One decent strategy for managing junk email is to use multiple email accounts for different purposes. For example, you could create an iCloud.com email account and use that email address exclusively to sign up for online shopping or other similar activity, but have a separate email for personal communications and important information, and a separate email for work. Granted, managing multiple email accounts is a bit more advanced, but it can be helpful in many situations, just be sure to set the default email address if you go that route. You can always delete an email account from the computer if you later decide it’s too much of a hassle.

Remember, you can always re-enable the junk filtering in Mail for Mac again by returning to the preferences and adjusting the junk filter as suited to your needs. So if you try this out and find that you end up with a lot of garbage in your inbox, it’s just as easy to turn junk filtering back on again.

Mac OSX Trojan malware spread via compromised software downloads

istock-trojan-horse.jpg

Elmedia Player downloads were compromised with Trojan malware.


Image: Getty

Downloads of a popular Mac OSX media player and an accompanying download manager were infected with trojan malware after the developer’s servers were hacked.

Elmedia Player by software developer Eltima boasts over one million users, some of whom have may have also unwittingly installed Proton, a Remote Access Trojan which specifically targets Macs for the purposes of spying and theft. Attackers also managed to compromise a second Eltima product – Folx – with the same malware.

The Proton backdoor provides attackers with an almost full view of the compromised system, allowing the theft of browser information, keylogs, usernames and passwords, cryprocurrency wallets, macOS keychain data and more.

In an email to ZDNet, an Eltima spokesperson said that the malware was distributed with downloads as a result of their servers being “hacked” after attackers “used a security breach in the tiny_mce JavaScript library on our server”

The compromise came to light on October 19, when cyber security researchers at ESET noticed the Elmedia Player was distributing Proton trojan malware. Users are warned if they downloaded the software from Eltima on that day before 3:15pm EDT, their system has may have been compromised by the malware.

If any of the following files or directories are on the system, it means the trojanised version of Elmedia Player is installed on the system.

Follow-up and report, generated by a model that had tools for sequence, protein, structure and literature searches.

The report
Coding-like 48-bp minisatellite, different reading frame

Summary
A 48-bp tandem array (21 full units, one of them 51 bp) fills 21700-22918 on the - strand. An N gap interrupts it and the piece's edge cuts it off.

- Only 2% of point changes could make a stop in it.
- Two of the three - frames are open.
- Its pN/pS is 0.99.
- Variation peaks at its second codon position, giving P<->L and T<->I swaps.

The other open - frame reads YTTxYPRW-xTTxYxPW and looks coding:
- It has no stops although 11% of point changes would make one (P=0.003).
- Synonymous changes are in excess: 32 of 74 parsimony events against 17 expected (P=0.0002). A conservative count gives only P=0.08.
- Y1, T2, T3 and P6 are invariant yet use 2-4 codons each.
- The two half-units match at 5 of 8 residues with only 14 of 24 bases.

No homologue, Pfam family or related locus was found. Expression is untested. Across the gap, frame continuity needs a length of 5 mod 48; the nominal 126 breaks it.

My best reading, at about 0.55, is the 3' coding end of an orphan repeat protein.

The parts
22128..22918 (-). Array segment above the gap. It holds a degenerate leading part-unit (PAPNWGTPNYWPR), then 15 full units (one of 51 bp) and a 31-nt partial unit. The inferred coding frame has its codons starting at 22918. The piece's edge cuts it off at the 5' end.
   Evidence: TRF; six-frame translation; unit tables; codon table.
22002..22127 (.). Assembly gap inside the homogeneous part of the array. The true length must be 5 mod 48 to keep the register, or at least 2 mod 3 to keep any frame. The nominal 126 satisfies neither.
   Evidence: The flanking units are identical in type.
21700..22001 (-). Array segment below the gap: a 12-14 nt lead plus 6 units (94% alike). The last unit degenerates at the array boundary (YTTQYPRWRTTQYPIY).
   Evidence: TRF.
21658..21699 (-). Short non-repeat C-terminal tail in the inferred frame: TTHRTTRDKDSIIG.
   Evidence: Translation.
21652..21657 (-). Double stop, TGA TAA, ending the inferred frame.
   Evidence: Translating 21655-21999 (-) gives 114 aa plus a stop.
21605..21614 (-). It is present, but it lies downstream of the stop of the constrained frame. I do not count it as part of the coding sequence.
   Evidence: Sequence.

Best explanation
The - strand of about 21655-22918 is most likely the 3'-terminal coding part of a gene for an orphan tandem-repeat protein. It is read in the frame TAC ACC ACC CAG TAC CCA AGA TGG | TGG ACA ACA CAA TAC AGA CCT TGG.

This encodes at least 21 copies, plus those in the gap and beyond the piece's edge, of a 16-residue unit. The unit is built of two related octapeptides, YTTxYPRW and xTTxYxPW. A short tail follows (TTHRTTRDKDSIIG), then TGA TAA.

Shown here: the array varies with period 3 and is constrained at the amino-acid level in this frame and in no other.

• /tmp/Updater.app/
  • /Library/LaunchAgents/com.Eltima.UpdaterAgent.plist
  • /Library/.rand/
  • /Library/.rand/updateragent.app/

Somehow, the attackers managed to build a signed wrapper around the legitimate media player which resulted in Proton being bundled along with it. Indeed, researchers say they observed the signing of the wrappers, all of which occurred with the same Apple Developer ID.

The ID has since been revoked by Apple and Eltima and ESET are working with Apple to find out how the malicious action was able to be taken in the first place. An Eltima spokesperson told ZDNet that while the malicious command and control server was registered on October 15, no malware was distributed until October 19.

For those unfortunate to fall victim to this attack – which only involved new downloads of Elmedia Player, automatic updates weren’t compromised – the only way to get rid of the malware is to undergo a full OS re-installation.

Victims are also warned that they should take “appropriate measures” to ensure that their data can’t be exploited by attackers.

Users are now able to download a clean version of Elmedia Player from the Eltima website, which ESET says is now free of compromise.

In response to the incident, Eltima says it has taken action to protect against future attacks and improve server security.

An Apple spokesperson told ZDNet the company “at this stage we have nothing to add”.

It isn’t the first time the Proton has been distributed via the use of a supply-chain attack. In May, users who had recently downloaded the Handbrake video transcoder for Apple Mac were warned how there was a 50/50 chance of having downloaded the application from a compromised mirror serving up the OSX Trojan.

READ MORE ON CYBER CRIME

Elmedia Player and Folx installers infected by OSX/Proton credential-stealing malware on Oct. 19


 

Popular media consumption application Elmedia Player and downloading tool Folx were both briefly infected with the Proton malware strain, with most installers of the software on Oct. 19 now infected.

Security firm researchers from ESET reported on Friday that the free Elmedia Player installer had been compromised for a period of time on Oct. 19 with the malware. The malware piggy-backed on the legitimate installer, in much the same way that the malware rode in on installs of media transcoding tool Handbrake in May —but using a legitimate developer ID for a certificate this time.